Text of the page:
Starting IaaS Workloads with SHiPs in Azure PowerShell

1 hour
  • 3 Learning Objectives

About this Hands-on Lab

Simple Hierarchy in PowerShell (SHiPs) is used in Azure to change directory into your cloud resources, much like you would change directory in a filesystem. This is useful for accounts that have many subscriptions and resource groups. In this hands-on lab, you will create a new Azure VM after changing directory into your resource group. Because the context is assumed in Cloud Shell, you don’t have to specify the resource group or subscription in order to create a VM in that location.

Learning Objectives

Successfully complete this lab by achieving the following learning objectives:

Log in to the Azure Portal and Open Cloud Shell
  1. Navigate to
  2. Use the email and password provided with this hands-on lab to log in to the Azure Portal.
  3. Click the Cloud Shell icon (>_) in top menu bar.
  4. Select PowerShell.
  5. Click Show advanced settings.
  6. Create a new storage account with a globally unique name.
  7. Create a file share named "fileshare".
  8. Click Create Storage.
From the Azure Drive, Change Directory into the Resource Group
  1. Set the directory location:

    Set-Location azure:
  2. Show the PSProvider:

  3. Output the name of the subscription:

  4. Change directory into the subscription:

    cd './P  [hit the TAB key to autocomplete]'
  5. Change directory into resource groups:

    cd ./ResourceGroups/
  6. List the resource groups:

  7. Change to the resource group by typing cd ./ and hitting Tab to autocomplete the name.

  8. List its contents:

Create a New Azure VM
  1. From within the current directory, enter the following command to create a new Azure VM:

    New-AzVM -Name 'myvm123' -Location 'westus' -VirtualNetworkName '<VIRTUAL_NETWORK_PROVIDED_WITH_LAB>' -SubnetName 'default' -SecurityGroupName '<NSG_PROVIDED_WITH_LAB>' -PublicIpAddressName 'myvm123pubip' -OpenPorts 80,3389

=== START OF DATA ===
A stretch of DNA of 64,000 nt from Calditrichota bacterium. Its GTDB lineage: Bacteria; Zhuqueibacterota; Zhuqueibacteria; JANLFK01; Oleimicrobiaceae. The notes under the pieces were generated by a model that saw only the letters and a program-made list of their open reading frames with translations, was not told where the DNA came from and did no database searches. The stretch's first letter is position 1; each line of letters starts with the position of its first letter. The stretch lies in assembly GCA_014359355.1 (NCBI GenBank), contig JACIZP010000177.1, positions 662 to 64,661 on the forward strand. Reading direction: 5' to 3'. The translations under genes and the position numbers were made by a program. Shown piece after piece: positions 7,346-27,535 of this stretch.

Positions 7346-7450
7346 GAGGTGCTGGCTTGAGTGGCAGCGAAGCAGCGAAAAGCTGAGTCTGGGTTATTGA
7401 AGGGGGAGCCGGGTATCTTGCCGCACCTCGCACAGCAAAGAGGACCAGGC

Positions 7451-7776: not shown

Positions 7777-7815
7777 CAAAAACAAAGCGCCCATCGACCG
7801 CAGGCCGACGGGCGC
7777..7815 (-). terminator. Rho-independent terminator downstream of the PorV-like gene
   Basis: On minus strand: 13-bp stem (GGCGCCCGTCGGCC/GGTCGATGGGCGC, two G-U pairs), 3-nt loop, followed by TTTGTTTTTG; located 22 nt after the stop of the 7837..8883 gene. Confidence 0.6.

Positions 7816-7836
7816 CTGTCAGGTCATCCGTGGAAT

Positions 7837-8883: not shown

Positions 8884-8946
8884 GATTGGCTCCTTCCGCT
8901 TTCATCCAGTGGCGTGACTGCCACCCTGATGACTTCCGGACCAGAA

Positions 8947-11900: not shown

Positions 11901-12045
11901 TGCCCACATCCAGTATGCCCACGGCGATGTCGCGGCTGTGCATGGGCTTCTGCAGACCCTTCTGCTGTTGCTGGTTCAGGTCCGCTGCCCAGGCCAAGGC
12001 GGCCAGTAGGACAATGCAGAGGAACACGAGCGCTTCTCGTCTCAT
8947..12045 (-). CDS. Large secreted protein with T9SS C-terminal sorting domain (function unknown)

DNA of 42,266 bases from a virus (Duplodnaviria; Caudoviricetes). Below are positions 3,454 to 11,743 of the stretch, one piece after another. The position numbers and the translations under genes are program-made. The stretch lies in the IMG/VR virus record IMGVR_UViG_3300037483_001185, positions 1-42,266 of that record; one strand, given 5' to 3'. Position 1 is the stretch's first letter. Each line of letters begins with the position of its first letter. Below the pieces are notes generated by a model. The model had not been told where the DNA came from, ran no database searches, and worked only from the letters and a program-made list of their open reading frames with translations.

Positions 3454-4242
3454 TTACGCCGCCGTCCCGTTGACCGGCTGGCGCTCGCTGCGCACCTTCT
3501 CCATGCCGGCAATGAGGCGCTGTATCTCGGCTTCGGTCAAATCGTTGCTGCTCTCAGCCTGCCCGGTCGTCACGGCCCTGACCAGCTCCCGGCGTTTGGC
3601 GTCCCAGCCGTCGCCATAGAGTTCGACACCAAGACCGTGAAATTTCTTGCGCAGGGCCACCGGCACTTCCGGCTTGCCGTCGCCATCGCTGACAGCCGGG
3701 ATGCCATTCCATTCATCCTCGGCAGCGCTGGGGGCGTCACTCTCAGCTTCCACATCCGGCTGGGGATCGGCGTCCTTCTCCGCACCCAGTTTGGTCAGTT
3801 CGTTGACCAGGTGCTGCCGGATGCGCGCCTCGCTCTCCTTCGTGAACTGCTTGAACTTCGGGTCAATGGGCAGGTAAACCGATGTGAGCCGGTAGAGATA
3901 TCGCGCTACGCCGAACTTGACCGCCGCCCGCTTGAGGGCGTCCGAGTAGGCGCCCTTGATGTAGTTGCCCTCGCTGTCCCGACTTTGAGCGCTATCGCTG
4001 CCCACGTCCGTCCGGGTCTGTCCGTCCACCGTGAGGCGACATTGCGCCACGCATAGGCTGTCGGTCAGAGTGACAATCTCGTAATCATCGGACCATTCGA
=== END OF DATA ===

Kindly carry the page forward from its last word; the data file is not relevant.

Additional Resources

As a systems administrator, you must automate the task of provisioning Azure VMs. Using PowerShell, you must find a way to issue just one command that will create a Windows VM with ports 80 and 3389 open. Additionally, you must utilize the minimum amount of commands necessary while in the Azure drive.

To consider this hands-on lab complete, please complete the following:

  • Log in to the Azure Portal.
  • Open Cloud Shell and select the PowerShell session to get to a PowerShell prompt (PS :/).
  • Change directory (in the Azure: drive), with either Set-Location or dir, into the subscription and resource group provided with this hands-on lab.
  • Create a new Azure VM, using only the necessary parameters required for that directory.

What are Hands-on Labs

Hands-on Labs are real environments created by industry experts to help you learn. These environments help you gain knowledge and experience, practice without compromising your system, test without risk, destroy without fear, and let you learn from your mistakes. Hands-on Labs: practice your skills before delivering in the real world.

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